October 9, 2018
BIOSCIENCE NOTEBOOK

UConn licenses IP to New Haven's Biohaven

UConn has authorized New Haven's Biohaven Pharmaceutical Holding Co. Ltd. to study and develop an antibody it developed that fights autoimmune disorders.

Connecticut's flagship state university says it signed a license agreement to provide Biohaven intellectual property rights to develop the antibody UC1MT, which targets extracellular metallothionein (MT), a stress response protein that has been shown to develop autoimmune and inflammatory diseases.

The university and Biohaven also signed a collaborative research agreement to continue exploring the role MT plays.

Under the license agreement, Biohaven is granted exclusive acquisition rights for a worldwide license of UC1MT and its patents for development and commercialization throughout the world.

The antibody was discovered by professor Michael Lynes, UConn's department head for molecular and cell biology.

Lynes said the agreement is a "critical" step for his research group in their effort to "define the path for taking our basic research discoveries into the clinic."

"I believe we have an exciting opportunity to develop this new approach to the management of important inflammatory and autoimmune diseases where metallothionein plays a significant role," he said.

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By dramatically reducing the therapeutic effects of antibiotics, the formation of organized groups of bacterial cells known as "biofilms" can be deadly during surgeries and in urinary tract infections. Now Yale researchers are closer to understanding how these biofilms develop, and potentially how to stop them.

Biofilms form when bacterial cells gather and develop structures that bond them in a gooey substance. This glue can protect the cells from the outside world and allow them to form complex quasi-organisms.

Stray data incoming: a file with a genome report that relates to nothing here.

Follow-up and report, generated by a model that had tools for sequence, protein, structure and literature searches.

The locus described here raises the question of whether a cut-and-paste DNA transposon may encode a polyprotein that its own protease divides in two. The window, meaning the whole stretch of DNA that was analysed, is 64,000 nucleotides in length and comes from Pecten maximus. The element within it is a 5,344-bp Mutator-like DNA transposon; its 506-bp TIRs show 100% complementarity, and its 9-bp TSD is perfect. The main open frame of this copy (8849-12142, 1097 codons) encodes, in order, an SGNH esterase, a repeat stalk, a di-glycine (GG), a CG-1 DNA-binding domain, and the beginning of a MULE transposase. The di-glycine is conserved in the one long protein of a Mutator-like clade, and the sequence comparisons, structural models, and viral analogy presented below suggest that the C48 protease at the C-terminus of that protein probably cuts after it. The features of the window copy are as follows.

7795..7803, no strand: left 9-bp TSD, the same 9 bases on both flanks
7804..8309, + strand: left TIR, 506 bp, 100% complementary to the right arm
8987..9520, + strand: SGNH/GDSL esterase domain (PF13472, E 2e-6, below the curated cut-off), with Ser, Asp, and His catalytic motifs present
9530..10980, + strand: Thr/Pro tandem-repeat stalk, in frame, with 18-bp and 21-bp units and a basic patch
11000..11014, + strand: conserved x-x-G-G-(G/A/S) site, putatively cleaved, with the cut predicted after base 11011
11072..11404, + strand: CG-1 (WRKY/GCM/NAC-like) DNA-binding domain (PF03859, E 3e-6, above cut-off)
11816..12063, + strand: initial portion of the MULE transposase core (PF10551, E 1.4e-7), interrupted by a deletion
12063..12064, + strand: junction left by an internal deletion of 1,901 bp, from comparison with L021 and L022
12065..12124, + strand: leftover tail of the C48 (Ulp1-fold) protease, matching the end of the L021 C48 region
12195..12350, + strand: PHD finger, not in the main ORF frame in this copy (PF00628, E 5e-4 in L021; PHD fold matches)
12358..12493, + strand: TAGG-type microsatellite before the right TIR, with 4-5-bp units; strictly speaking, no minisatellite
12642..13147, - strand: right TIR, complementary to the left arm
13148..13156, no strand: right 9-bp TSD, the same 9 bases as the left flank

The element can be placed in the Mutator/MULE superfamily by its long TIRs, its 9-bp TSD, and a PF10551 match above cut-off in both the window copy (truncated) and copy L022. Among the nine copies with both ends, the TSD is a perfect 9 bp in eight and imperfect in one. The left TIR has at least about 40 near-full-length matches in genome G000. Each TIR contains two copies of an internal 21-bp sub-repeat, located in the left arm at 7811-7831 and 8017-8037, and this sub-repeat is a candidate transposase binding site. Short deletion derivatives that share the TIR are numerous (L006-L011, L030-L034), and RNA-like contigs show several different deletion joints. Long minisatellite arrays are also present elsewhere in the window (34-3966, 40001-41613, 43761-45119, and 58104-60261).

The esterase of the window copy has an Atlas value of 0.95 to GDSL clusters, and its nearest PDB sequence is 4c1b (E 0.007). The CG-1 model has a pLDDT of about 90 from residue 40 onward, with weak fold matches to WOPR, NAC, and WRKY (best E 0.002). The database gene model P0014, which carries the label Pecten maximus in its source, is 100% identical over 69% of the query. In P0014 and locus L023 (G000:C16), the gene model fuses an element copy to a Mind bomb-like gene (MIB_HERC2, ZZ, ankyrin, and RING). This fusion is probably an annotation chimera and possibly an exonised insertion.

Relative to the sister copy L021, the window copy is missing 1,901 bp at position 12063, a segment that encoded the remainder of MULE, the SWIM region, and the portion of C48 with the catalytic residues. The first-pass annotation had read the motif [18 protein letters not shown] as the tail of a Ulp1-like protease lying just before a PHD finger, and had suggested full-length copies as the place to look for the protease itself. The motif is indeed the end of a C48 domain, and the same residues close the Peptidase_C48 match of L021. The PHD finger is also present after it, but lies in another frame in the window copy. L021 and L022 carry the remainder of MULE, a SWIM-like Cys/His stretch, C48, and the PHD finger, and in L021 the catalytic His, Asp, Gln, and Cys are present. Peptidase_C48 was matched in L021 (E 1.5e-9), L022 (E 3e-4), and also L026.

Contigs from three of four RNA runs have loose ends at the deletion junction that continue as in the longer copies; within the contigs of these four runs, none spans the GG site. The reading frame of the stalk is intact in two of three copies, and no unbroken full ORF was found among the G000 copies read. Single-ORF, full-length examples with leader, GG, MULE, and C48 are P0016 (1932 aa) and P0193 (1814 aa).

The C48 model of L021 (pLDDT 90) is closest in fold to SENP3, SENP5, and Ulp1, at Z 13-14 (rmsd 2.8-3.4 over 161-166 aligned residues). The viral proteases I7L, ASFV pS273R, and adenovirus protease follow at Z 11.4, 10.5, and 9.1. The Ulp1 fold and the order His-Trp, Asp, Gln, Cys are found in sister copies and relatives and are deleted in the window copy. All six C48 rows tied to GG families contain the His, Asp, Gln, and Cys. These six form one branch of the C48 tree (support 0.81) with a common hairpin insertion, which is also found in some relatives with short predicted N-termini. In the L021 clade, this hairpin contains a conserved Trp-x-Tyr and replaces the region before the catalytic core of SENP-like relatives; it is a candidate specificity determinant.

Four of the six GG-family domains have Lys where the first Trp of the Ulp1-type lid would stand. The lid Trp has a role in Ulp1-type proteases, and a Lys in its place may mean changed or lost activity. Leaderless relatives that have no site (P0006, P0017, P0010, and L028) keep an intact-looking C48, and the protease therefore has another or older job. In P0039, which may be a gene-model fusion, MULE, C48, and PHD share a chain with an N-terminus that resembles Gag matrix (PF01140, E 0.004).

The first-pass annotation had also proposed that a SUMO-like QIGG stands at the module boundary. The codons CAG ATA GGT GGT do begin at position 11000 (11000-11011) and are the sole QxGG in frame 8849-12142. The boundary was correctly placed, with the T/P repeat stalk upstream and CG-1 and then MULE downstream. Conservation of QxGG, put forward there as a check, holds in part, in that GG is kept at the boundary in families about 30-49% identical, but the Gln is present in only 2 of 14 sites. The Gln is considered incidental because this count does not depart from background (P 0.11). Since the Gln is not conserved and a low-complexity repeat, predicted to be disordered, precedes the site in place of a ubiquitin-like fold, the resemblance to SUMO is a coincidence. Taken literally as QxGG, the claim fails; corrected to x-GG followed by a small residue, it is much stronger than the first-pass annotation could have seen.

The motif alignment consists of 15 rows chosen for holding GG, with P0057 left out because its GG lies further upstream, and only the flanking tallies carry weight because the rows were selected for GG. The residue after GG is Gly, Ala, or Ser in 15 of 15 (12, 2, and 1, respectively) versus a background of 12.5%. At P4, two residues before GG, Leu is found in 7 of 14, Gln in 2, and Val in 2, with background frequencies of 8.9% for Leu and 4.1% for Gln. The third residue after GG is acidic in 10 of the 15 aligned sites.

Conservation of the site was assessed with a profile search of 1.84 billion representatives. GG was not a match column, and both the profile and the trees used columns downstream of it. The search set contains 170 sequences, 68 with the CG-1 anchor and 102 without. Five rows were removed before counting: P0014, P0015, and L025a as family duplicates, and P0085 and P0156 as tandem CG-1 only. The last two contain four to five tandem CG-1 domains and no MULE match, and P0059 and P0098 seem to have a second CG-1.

Biofilms are found in many environments, including unwashed shower stalls or lake surfaces. Because their protective shell can keep out treatment agents, biofilms are most dangerous when they invade human cells or form on sutures and surgical catheters. In U.S. hospitals alone, thousands of deaths are attributed to biofilm-related surgical-site and urinary-tract infections.

"Biofilms are a huge medical problem because they are something that makes bacterial infections very difficult to deal with," said Andre Levchenko, senior author of the study, published Oct. 5 in Nature Communications.

Fighting biofilms has been problematic because it hasn't been well understood how bacteria cells transition from behaving individually to existing in collective structures. However, researchers in Levchenko's lab, working with colleagues at the University of California/San Diego, have discovered a key mechanism for biofilm formation that also provides a way to study this process in a controlled and reproducible way.

The investigators designed and built microfluidic devices and novel gels that housed uropathogenic E. coli cells, which are often the cause of urinary tract infections. These devices mimicked the environment inside human cells that host the invading bacteria during infections. The scientists found that the bacterial colonies would grow to the point where they would be squeezed by either the walls of the chamber, the fibers, or the gel. This self-generated stress was itself a trigger of the biofilm formation.

With this discovery, said Levchenko, the John C. Malone Professor of Biomedical Engineering and director of the Yale Systems Biology Institute, researchers can use various devices that mimic other cellular environments and explore biofilm formation under multiple environments and circumstances. They can also use the devices introduced in this study to produce biofilms rapidly, precisely and in high numbers. This may allow screening drugs that could potentially breach the protective layer of the biofilms and break it down.

"Having a disease model like this is a must when you want to do these kinds of drug-screening experiments," Levchenko said. "We can now grow biofilms in specific shapes and specific locations in a completely predictable way."

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